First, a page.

Apparently in China, they hardly use any anaesthesia on the prisoners before removing their organs — how could they? They have to order a specific quota for the hospital which does not include the thousands of people detained in the underground chambers waiting to die at the hands of the butchers. It’s a living hell for the Falun Gong and the doctors agreeing to do this procedure (none other than torture in this case) are told that the Falun Gong are criminals and it’s OK to do that — it just helps the CCP clean up society. They swiftly turn them to ashes in the crematorium. Most of these doctors have mental disorders after working this job within a year.
And this is just the tip of the iceberg as another witness spoke up to say that there are 36 more death camps in China.
He is a veteran military doctor in the logistics service in the army in Shenyang military zone and cannot reveal his name for understandable reasons.
He must be fearless–he reveals many new details on labour camps and particularly Sujiatun. This is an excerpt:
“One must understand that based on the latest decisions by the Chinese Communist Party’s top level: The Chinese Communist Party’s Central Committee agreed to treat Falun Gong practitioners as “class enemies” and to handle them in any economically beneficial manner without having to report to higher authorities. In other words, Falun Gong practitioners, like many actual felons in China, are no longer regarded as human beings, but as raw materials for commercial products. They have become commodities.”
read more…
http://english.epochtimes.com/news/6-3-31/39910.html



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dave.shemenski

posted March 31, 2006 at 11:19 pm


The mind boggles

Heres a story out of China that beggars comprehension. I hope to God this isnt true. I have no words to describe the horror I feel right now.
Update: The commenters at Open Book seem to have soom good followups to this story. Gag orders i…



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ying

posted April 6, 2006 at 2:45 pm


This is the latest (06 April 2006) on the death camp conspiracy — please help to stop this genocide — call your government representative. My friends have their siblings tortured in China because they won’t give up their belief in Falun Gong and now this atrocity…
Urgent Announcement
Abstract: Falun Gong practitioners in underground concentration camps, including Sujiatun Camp, have been secretly relocated and are subject to slaughter at any time. Meanwhile some hospitals in China have suddenly increased the number of transplant operations.
Since 2001, concentration camps similar to the one in Sujiatun have been set up in multiple provinces to detain large numbers of Falun Gong practitioners. In those camps, the authorities perform organ harvesting from live practitioners for sale and then cremate the remains to destroy the evidence. The atrocities were exposed to the international community in the beginning of March. Within three weeks, the underground concentration camp in Sujiatun was quickly relocated. Meanwhile, some hospitals and transplant centers in China are rushing to perform a large number of transplant operations: A slaughter to destroy witnesses/victims of the concentration camps is happening, and we urgently call upon the international community to initiate rescue programs to stop this new genocide.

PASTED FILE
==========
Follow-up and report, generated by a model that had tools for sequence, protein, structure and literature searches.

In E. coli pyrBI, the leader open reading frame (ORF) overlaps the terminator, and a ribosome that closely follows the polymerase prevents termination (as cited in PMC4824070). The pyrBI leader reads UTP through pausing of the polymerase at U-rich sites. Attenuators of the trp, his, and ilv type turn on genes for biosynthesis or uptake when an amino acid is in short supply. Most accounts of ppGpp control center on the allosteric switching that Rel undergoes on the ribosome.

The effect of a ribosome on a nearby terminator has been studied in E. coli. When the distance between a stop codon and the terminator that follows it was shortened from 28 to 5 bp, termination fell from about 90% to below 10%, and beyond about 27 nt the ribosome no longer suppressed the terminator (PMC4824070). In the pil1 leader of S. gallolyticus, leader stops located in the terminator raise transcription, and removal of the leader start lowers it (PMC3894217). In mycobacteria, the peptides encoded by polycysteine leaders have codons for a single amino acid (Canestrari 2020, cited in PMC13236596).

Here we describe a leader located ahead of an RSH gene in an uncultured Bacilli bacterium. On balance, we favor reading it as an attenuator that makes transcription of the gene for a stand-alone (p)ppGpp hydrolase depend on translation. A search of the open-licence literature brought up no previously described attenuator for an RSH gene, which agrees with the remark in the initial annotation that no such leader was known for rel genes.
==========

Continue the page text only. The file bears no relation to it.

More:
To Whom This May Concern:
According to tips from Mainland China and investigations, the Chinese Communist regime hastily published the “Interim Regulation for Human Organ Transplant Practice” after the Sujiatun Concentration Camp was exposed. However, the regulation will not take effect until July 1, 2006, and thus we suspect the regime was allowing time to destroy all evidence of the crimes. All investigation has confirmed that hospitals and transplant centers in Heilongjiang, Hunan, Shanghai, Zhejiang, Yunnan, Anhui, Shan’xi and Xinjiang are operating overtime to perform transplant operations. Hospital staff members told undercover investigators that patients should come in quickly if he or she wants transplants as they can find matching organs in as short as one or two days and it will be difficult after this batch of organs are used up.
According to investigations by non-governmental organizations, the regime has set up concentration camps similar to the one in Sujiatun all over the country. The camps are suspected to specialize in detaining and secretly killing people who are steadfast in their belief in Falun Gong. The camps harvest organs from live Falun Gong practitioners for transplant. The sudden recent increase of organ supply in China is not an individual situation, but is widespread throughout the country. The Chinese Communist regime is suspected to destroy the bodily remains after organ harvesting to wipe out the evidence. We thus believe that the slaughter of Falun Gong practitioners detained in the camps is taking place at an unusually high rate!
After World War II, the international community deeply regretted that it failed to stop the holocaust and made a solemn “Never Again” promise. Sixty years later, history now gives the civilized world an opportunity to correct its past mistake. We hope that this generation can proudly say: We not only made a promise, but we kept our promise. We urgently request the U.S. government, the United Nations and governments of other countries as well as pertinent international organizations to take immediate action and activate all possible mechanisms to stop this new genocide in Mainland China. Every minute of delay will result in irremediable loss of innocent lives and will be a disgrace to the human race!